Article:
ARTIST OF THE WEEK: EUGENIA LOLIJanuary 20, 2016
From planes dropping candy and cacti-lined underpants to astral planes and giants hoovering beaches, Eugenia Loli’s collage is as surreal as it comes. Having spent her childhood in Greece, she moved to the US to work as tech journalist before turning her hand to collage. Her work, composed from vintage magazines is a blend of the satirical and political and sometimes spiritual. We caught up with Eugenia about lucid dreaming, pop collage and moving on to the next phase in her career…
UO: Can you tell us a little about your story so far?
I was born in Greece, studied computer programming, and then I left for the UK to work in the field. I got married to an amazing French man in 2001 and moved to the US, where I continued working in the tech business, as a tech journalist. However, soon after I arrived, I became ill from an undiagnosed illness. I could not do much for years, and I had kind of given up on life, until I finally found the solution in 2011 (celiac disease). Then, art flourished in me, pretty much within weeks of finding my health. I could think and function straight again. The rest is history.
UO: How do you feel your childhood in Greece has affected who you are as an artist now?
I don’t think it has. Apart from making a series of collages about the ancient Greek gods, modern Greek culture has not influenced my art. Art-wise, I was always more influenced by western pop culture than the bastardized western-eastern Greek one. I hated (and still hate) Greek music, for example. I remember my school mates telling me that “when you grow up a little, and fall in love, you will then understand Greek music”. Well, I grew up, I fell in love, and I still hate Greek music.
Personality-wise, what I got from the Greek culture, which is something that I do treasure, is my ability to tell it like it is, without masks. I just blurt out what I must say, without fear.
UO: What originally attracted you to collage as a medium? What do you love most about working in collage?
I found my health at the end of 2011, and this type of collage we have today (the one I call “pop collage”) became popular with the Tumblr crowd that same year. In other words, collage was the right medium, emerging at the right time for me. What I love in collage is how easily we can build fantastical worlds and let our imagination carry us through.
Weight Loss Wrap
UO: Are there any particular themes that you are repeatedly drawn to in your work?
I used to use a lot of political messages, but that wasn’t too well received by most viewers. Nowadays, I’m more into spiritual themes and a lot of psychedelic underpinnings too. Other artworks have no meaning, not all artworks have to have one.
UO: What do you love about the abstract?
Abstract artworks let you shape them in your mind, the artist does not show what it is, but rather what it could be. The rest of the “image processing” happens in the mind of the viewer. It’s a more shareable experience.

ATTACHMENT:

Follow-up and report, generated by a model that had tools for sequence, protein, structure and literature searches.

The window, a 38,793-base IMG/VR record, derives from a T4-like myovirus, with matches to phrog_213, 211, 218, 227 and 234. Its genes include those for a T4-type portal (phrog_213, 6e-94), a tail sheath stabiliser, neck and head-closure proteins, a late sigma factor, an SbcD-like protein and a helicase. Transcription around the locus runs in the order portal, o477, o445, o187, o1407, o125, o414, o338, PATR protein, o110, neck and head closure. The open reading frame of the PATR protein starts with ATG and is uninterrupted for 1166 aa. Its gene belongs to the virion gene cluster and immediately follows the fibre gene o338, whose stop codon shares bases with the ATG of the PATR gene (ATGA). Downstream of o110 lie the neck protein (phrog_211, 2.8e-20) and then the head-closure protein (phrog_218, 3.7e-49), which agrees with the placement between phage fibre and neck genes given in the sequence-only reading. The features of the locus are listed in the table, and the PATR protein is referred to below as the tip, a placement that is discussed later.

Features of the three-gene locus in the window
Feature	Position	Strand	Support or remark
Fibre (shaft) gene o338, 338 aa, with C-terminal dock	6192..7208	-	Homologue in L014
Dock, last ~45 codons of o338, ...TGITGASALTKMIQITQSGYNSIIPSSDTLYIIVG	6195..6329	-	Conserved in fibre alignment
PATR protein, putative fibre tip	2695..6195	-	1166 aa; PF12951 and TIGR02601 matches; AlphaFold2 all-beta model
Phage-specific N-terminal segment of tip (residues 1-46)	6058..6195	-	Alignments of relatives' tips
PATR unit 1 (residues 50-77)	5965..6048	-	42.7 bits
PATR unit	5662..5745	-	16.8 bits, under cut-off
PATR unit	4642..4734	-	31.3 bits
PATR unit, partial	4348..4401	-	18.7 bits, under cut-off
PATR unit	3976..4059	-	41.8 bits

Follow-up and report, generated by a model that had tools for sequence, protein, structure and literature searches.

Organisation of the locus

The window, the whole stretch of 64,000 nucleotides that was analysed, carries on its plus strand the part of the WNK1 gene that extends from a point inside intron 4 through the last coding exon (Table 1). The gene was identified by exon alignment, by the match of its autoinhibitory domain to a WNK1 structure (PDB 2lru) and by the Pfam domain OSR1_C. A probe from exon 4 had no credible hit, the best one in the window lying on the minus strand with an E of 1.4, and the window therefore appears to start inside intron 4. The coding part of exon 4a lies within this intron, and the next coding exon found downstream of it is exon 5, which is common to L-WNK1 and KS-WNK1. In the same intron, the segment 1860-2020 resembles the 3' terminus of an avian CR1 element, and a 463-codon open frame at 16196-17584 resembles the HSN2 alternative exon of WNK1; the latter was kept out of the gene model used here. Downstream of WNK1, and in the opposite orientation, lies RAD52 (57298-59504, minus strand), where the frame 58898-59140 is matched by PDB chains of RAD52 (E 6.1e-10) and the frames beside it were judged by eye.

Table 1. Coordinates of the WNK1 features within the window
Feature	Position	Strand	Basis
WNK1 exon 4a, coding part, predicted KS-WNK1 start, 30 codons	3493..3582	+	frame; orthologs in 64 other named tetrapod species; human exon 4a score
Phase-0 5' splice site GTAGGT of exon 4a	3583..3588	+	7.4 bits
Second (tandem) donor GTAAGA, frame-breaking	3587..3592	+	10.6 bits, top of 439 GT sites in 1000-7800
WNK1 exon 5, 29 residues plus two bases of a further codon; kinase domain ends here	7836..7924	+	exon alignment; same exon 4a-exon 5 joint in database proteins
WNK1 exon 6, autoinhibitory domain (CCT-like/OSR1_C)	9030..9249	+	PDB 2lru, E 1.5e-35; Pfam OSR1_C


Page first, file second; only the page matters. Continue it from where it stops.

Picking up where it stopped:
UO: You source a lot of imagery from vintage magazines – what is it about vintage imagery that attracts you?
Vintage imagery means fewer potential copyright problems. It’s a practical choice, not necessarily an artistic one. Having said that, I do like the old style film stock more than the digital look, or even film stock developed after 1980. It just looks less crisp, more like a painting, which is perfect for artistic endeavors.
UO: Can you tell us the ways in which you combine aspects of philosophical thought in your work?
Collage does not let you define every little detail like painting does. For example, Magritte, who surprisingly was firstly a thinker and secondly a painter, used the medium as a way to show his thoughts.
Paintings, since they are developed from scratch, allow for many details to come through, that enlighten an interpretation. With collage, we have to use pre-existing imagery, so any meaning we want to show, would be rough. Because of that, the title of the work is important with collage, and it must always accompany the images.
Spring Crop at the Rosseland Crater
Natural History Museum
UO: How does lucid dreaming aid your art?
A lot of inspiration comes from them. A lot of my hyperspace experiences which is often shown in my psychedelic-like collages, come from such dreams. Other times, art acts as a premonition for lucid dreams. For example my artwork “First Contact with Higher Self” was made just a few hours before I had a lucid dream where I “met” my Higher Self.
First Contact With Higher Self
UO: Where do you want to take your work next?
Illustration. I had too much of collaging so far, I’m getting tired of it. Collage doesn’t allow for too much variation among artists, so it’s difficult to be truly unique with it (not to mention that we all use the same imagery from the same old magazines). I will continue doing collage, but I will probably move to a more interesting, experimental and psychedelic look that is not as popular as my current work. I will probably lose a lot of followers because of that. I don’t really care though, I’ve had it with pop collage. My “easy”, pop work can still live through my illustration though.
It Ends With a Bang